Cortical Oscillations and the Single Neuron: Timing is Everything
Sunday, January 18, 1998 - 2:00pm - 2:20pm
Jim Bower (California Institute of Technology)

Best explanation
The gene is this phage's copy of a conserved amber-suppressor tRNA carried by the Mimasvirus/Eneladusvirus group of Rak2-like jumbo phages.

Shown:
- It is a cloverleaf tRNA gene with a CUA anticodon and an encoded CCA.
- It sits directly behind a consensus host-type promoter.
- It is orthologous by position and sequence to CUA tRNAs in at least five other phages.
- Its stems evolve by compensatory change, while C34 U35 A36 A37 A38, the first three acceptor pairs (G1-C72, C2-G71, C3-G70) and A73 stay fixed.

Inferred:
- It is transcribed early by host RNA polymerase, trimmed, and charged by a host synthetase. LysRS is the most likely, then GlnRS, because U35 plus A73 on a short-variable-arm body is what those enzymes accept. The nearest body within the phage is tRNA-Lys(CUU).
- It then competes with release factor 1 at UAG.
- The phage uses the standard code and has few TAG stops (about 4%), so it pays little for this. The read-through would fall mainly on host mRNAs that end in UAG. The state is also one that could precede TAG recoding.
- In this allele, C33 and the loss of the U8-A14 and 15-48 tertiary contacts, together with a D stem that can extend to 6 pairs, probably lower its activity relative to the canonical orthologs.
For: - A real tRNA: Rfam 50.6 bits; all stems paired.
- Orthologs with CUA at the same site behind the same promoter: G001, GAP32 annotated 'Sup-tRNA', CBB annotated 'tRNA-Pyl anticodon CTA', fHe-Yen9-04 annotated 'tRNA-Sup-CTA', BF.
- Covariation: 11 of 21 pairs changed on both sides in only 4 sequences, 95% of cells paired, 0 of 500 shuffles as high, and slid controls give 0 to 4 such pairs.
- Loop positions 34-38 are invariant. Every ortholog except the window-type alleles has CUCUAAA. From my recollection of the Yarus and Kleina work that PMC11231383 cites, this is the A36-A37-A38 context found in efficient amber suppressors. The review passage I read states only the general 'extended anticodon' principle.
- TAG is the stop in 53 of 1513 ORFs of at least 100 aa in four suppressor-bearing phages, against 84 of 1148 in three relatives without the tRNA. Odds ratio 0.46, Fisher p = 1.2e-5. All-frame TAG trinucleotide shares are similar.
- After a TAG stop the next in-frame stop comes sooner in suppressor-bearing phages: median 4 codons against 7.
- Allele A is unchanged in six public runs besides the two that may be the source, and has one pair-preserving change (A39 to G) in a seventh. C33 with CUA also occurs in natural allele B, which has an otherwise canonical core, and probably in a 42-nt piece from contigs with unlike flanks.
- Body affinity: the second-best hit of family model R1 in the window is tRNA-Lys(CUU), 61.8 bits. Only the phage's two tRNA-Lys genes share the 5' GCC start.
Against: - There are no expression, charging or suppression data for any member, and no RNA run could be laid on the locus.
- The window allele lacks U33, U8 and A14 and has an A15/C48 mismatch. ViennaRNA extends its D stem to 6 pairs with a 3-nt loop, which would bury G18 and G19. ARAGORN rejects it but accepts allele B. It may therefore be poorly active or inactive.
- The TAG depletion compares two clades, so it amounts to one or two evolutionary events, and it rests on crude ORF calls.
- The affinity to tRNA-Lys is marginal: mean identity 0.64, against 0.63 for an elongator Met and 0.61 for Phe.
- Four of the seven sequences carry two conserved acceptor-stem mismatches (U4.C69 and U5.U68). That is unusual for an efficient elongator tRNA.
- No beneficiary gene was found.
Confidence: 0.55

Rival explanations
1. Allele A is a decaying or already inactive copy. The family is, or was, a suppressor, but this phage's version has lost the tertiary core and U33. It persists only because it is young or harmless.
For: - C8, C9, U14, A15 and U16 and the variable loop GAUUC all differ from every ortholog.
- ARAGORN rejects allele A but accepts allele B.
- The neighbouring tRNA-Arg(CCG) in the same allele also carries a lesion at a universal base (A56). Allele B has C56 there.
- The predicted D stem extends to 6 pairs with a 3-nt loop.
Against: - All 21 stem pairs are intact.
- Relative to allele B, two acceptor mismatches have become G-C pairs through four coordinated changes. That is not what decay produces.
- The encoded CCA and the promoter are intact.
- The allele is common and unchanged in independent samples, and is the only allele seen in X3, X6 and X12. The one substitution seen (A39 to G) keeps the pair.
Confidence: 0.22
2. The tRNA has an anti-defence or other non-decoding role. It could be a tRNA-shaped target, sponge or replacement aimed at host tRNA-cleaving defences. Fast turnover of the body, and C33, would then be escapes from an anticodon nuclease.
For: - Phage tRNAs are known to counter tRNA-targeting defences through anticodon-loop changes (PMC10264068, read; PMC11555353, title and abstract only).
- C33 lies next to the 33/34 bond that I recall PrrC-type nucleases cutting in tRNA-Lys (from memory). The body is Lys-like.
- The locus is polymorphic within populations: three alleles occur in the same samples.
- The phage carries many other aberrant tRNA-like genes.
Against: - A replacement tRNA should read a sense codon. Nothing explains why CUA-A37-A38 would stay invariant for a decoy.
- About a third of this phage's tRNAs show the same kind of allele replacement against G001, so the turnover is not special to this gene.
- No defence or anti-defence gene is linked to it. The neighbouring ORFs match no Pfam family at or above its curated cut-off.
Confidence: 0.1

Oscillations in the 7-10 Hz and 40 Hz frequencies are characteristic of cerebral cortical circuits. Our laboratory began its study of the origins and possible computational significance of these patterns of activity a number of years ago by constructing biologically realistic network models of cerebellar cortical circuits (Wilson and Bower, 1991; 1992). These models suggested that cerebral cortical circuits naturally oscillate at these frequencies through a mechanism dependent on the interaction of time constants associated with both excitatory and inhibitory synaptic circuits. The dynamical behavior of the models was interpreted to suggest that cortical oscillations were responsible for coordinating the timing of computational cycles within these networks. The models also lead to the prediction that network level oscillations played an important role in coordinating the flow of synaptic information onto the dendrites of cortical pyramidal cells. In this workshop I will present the results of more recent single cell modeling efforts which support this view. I will conclude by presenting a general computational framework for understanding the role of oscillatory behavior in cerebral cortical function.